The Issue

International students have existed as part of the UK education system for hundreds of years and have carved a place on our campuses that cannot be replaced. They make up 20 per cent of our student population. This is not including the countless international researchers and academics that make vital contributions to the world-leading British education system.

However over the past few years International Students have experienced a series of policies that has made them feel under attack and unwelcome in the UK. During this time international students have had their access to work restricted, charges being introduced for access to NHS treatment, the introduction of biometric identity cards, landlord immigration checks, and more.

All students, regardless of nationality, should be free to study without fear of deportation or the injustice of being denied the same rights as their British counterparts.

International students make up 40 per cent of net migration into the UK, constituting a significant and important proportion of migrant communities. What is happening to those communities will be felt by our international students. In a post-Brexit atmosphere, the rise in hate crime and xenophobia experienced by migrants as a whole has also impacted international students on our campuses.

Furthermore, refugees and asylum seekers are facing impossible conditions to access higher education. Many are classified as international students, and have to pay extortionate overseas fees. Many are denied the right to work and are not eligible to apply for student loans in England or similar government support in Wales or Northern Ireland. This system is unfair. We call for young refugee and asylum seekers to be able to access student loans and to be classified as home students for the purpose of their fees.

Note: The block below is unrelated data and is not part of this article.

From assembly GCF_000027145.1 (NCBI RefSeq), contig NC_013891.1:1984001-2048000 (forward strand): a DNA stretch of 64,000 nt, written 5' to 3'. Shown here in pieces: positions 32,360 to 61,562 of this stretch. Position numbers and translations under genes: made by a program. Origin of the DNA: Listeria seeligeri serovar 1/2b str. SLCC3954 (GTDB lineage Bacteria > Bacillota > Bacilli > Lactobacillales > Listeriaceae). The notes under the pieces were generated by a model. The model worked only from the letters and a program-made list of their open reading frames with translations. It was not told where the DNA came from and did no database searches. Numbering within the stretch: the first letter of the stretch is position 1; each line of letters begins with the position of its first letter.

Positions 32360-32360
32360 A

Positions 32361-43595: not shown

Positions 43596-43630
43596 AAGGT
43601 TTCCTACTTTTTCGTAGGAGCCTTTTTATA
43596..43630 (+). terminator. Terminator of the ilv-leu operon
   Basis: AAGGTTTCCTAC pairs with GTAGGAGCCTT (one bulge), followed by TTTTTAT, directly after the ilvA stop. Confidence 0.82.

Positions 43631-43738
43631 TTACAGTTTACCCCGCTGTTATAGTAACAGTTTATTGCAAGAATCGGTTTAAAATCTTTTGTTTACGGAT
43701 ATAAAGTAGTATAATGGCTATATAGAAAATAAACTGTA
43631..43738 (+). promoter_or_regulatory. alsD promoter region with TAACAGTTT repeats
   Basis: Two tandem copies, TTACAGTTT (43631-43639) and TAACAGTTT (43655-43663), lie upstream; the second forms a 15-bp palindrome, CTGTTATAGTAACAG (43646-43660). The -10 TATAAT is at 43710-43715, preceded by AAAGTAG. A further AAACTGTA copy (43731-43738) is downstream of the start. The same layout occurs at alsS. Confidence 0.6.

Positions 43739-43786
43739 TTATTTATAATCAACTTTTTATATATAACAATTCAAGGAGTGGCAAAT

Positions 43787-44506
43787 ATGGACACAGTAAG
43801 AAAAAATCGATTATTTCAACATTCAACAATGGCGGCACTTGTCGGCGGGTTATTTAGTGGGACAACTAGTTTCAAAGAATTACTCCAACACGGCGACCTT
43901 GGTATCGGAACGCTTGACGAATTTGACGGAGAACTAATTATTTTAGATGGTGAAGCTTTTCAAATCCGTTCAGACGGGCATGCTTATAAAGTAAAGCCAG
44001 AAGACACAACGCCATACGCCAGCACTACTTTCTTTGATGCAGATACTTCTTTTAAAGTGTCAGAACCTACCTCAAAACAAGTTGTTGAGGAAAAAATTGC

The current language used around migration is a prime example of how the government is further marginalising and targeting some of the most vulnerable people in our society and our student communities.

We believe that migration is an important part of our social fabric, and must be protected at all costs.

What are we doing?

Our International Students Campaign looks to create strong, influential international student communities. There are many ways in which the government, universities and others can reduce barriers to higher education for migrants, and we can be part of that change.

We have been campaigning on issues impacting the welfare of international students, as well as proactively resisting discriminatory Home Office immigration policies. We are:

  • Creating of a Student Protection Scheme
  • Giving access to Higher Education for Asylum Seekers
  • Demanding no more net-migration targets
  • Creating a fair fee system #FixIntFees
  • Supporting international students in crisis
  • Calling for the internationalisation of campuses

What can you do to help?

You can find briefings and resources on how to support international students and migrants at your colleges and universities through the link below.

More Info

Information and resources on the NUS International Students Campaign can be found here.